Visiting the U.S.S. Arizona Memorial

When we visited the U.S.S. Arizona Memorial, I was reminded that tourists are ugly from all over. Not long after 9/11, I noticed people coming to take photos of Ground Zero. I can understand that, I like taking photos as well. What bothered me was how they posed in front of it, smiling. It just seems disrespectful. I saw the same oblivious ugliness as tourists posed in front of the list of those who died at Pearl Harbor.

The viewing platform.

The memorial is hallowed ground; the ship is below you. The platform crosses it just behind the front turret, which remains above water. This was a clever way to mark the grave of nearly 1200 men who died during the sneak attack, an enormous cross that’s not there unless you think about it. The bow and stern are marked with white buoys. Around the harbor you see cement markers memorializing the other ships sunk on that day.

The list of those who died at Pearl Harbor, without a smiling idiot.

It’s eerie, looking down through the crystal blue water and seeing the rusted hulk of the ship just below, occasionally seeping oil. Small colorful fish dart around the structure. A sign asks you to not throw coins, which contribute to the decay.

The remains of the front turret, gun removed.

The immensity of the battleship is not readily apparent below the surface. Even when you see the buoys, it’s hard to imagine. I’ve seen larger boats, like the ore boats of the Great Lakes, but not from above. The sailors who shuttle you to the platform remind you that this is a cemetery at sea, and to be respectful, but it’s quickly forgotten.

The ship stretches into the distance.

The small white dot below the other ship marks the stern. That and the slightly rust-colored tinge to the water gives you an idea of the Arizona’s size. A torpedo pierced the bow, but it sank with the superstructure otherwise intact. It’s a solemn place, or should be. Maybe they need more soldiers there to give a presence of authority; at Arlington National Cemetery, people were well behaved, especially during the changing of the guard at the Tomb of the Unknown Soldier. I think people posed in front of the Eternal Flame, which is still pretty lame.

I didn’t see any people doing this at Bergen-Belsen, or in front of Anne Frank’s grave. Soldiers vs. civilians, I guess. Ground Zero is certainly hallowed ground to the families of the dead, yet tourists feel compelled to smile and pose in front of the empty hole. The stereotype of the Ugly tourist isn’t just for Americans anymore.

The anchor of the U.S.S. Arizona

We visited the U.S.S. Bowfin while we waited 2 hours for our shuttle to the platform. It’s parked right nearby and a good way to kill time while you’re waiting, without sweating with the mobs in the museum and souvenir shops.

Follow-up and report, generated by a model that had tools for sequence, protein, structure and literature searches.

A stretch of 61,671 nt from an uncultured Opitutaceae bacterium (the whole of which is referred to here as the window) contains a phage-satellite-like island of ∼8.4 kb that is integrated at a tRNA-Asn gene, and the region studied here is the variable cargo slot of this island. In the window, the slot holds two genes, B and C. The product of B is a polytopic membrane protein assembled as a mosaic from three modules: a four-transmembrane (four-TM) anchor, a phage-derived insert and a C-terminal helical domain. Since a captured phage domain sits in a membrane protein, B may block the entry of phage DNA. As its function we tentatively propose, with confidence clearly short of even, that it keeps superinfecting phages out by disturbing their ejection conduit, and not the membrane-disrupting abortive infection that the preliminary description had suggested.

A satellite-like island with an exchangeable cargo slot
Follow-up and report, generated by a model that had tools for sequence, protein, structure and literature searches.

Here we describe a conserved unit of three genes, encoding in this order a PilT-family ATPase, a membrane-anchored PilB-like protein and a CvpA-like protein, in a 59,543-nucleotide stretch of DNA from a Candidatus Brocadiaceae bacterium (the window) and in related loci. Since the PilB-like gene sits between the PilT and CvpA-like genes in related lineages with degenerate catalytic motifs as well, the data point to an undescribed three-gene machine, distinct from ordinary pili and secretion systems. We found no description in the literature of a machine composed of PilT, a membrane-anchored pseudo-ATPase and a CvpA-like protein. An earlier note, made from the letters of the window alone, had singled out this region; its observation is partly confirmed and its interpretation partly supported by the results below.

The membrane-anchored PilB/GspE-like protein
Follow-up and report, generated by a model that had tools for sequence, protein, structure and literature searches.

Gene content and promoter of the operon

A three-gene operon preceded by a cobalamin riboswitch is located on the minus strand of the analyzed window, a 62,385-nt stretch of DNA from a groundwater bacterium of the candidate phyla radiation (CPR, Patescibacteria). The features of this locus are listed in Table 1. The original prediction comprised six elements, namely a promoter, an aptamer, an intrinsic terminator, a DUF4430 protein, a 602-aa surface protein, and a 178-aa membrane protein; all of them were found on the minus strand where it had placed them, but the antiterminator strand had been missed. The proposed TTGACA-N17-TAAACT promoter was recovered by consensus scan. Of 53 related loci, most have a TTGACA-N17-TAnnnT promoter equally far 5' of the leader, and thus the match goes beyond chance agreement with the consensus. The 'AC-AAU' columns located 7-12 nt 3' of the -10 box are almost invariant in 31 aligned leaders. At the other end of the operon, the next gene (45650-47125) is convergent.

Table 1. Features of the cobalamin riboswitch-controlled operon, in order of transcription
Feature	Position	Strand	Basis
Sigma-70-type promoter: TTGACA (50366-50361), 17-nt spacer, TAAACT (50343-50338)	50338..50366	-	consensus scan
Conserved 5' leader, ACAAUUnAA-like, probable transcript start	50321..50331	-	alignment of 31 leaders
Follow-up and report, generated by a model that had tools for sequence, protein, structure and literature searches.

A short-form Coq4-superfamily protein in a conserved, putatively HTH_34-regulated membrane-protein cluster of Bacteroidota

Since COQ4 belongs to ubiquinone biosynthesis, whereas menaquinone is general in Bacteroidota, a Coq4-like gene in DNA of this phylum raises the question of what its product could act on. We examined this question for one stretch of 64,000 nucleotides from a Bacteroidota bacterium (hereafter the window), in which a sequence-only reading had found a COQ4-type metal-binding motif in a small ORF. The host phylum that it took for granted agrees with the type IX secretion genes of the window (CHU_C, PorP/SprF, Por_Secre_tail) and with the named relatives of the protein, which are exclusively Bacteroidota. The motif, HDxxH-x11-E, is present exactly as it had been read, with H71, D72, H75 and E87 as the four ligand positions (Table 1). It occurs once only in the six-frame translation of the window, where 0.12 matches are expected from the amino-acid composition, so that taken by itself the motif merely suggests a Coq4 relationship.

The U.S.S. Bowfin, aka “Pearl Harbor Avenger”

It’s about the same as the U.S.S. Growler near the Intrepid museum in NYC. If you’ve never been on a sub before, it’s a good look into the life of a submariner. The cramped beds, the hatchways, the claustrophobic spaces; it makes Das Boot seem roomy.

On the old subs everything is make of brass and looks like antique steampunk machinery. It seems out of place next to the large mechanical switches and analog gauges. It’s sort of in-between the brass equipment of old sailing ships and the voting-booth look of switches and knobs on war machinery of the 70’s and 80’s.

I’m not sure if they allow you on the deck of the Growler, but we got to crawl all over the cannons and guns on this one. And take clever photos. And while I would not pose smiling before 1,177 watery graves, or a list of men who died in combat, I believe the stern of the Pearl Harbor Avenger and Old Glory are perfectly fine.

 

Adios, Bonnie & Clyde…

Adios, Bonnie & Clyde…

I visited the ambush site of Bonnie & Clyde with a relative of Sheriff Henderson Jordan, who participated in the attack. The article is on Criminal Element today. I spoke with relatives who lived in Gibsland at the time, who remember the car and the bodies paraded through town. 

me-bonnie-and-clyde2

Belly Up to the Bar with Jason Karlawish

open wound

I met Jason Karlawish at a book event for Frank Bill. He’s a physician and the author of Open Wound: The Tragic Obsession of Dr. William Beaumont, based on true events which occurred on the American frontier. Jason teaches medicine, medical ethics, and health policy, and writes frequently about these issues and how they affect us. Voting rights and the elderly. Patenting genes and medical discoveries such as biomarkers. I invited him to put his suede-patched elbows on the mahogany over a drink to chew the fat about all these things.

Tom Pluck BeerTP: Welcome to Belly Up to the Bar, Jason. What can I get you?
 
 
 

jason karlawsh thumbnailJK: Darkest ale you’ve got.
 
 
 

Tom Pluck BeerTP: Then I’ll pour you an Abita Turbodog. Now, let’s talk about OPEN WOUND. As a fan of weird history, I’d heard of the tale of Dr. Beaumont and his patient. Would you recount it for our readers?

jason karlawsh thumbnailJK: Yes, this is weird history. In June of 1822, on the remote Mackinac Island, a young French Canadian fur trapper named Alexis St. Martin was at the wrong end of an accidental shotgun blast in the American Fur Company Supply Store. He suffered a horrible wound that opened up a hole into his chest and stomach, exposing lung and spilling out his morning meal, but Alexis was a fortunate young man. Dr. William Beaumont, the island’s only physician, came to his aid. Beaumont, an assistant surgeon in the US army, had experience with gunshot wounds from his service as a surgeon’s mate in the War of 1812. Alexis survived.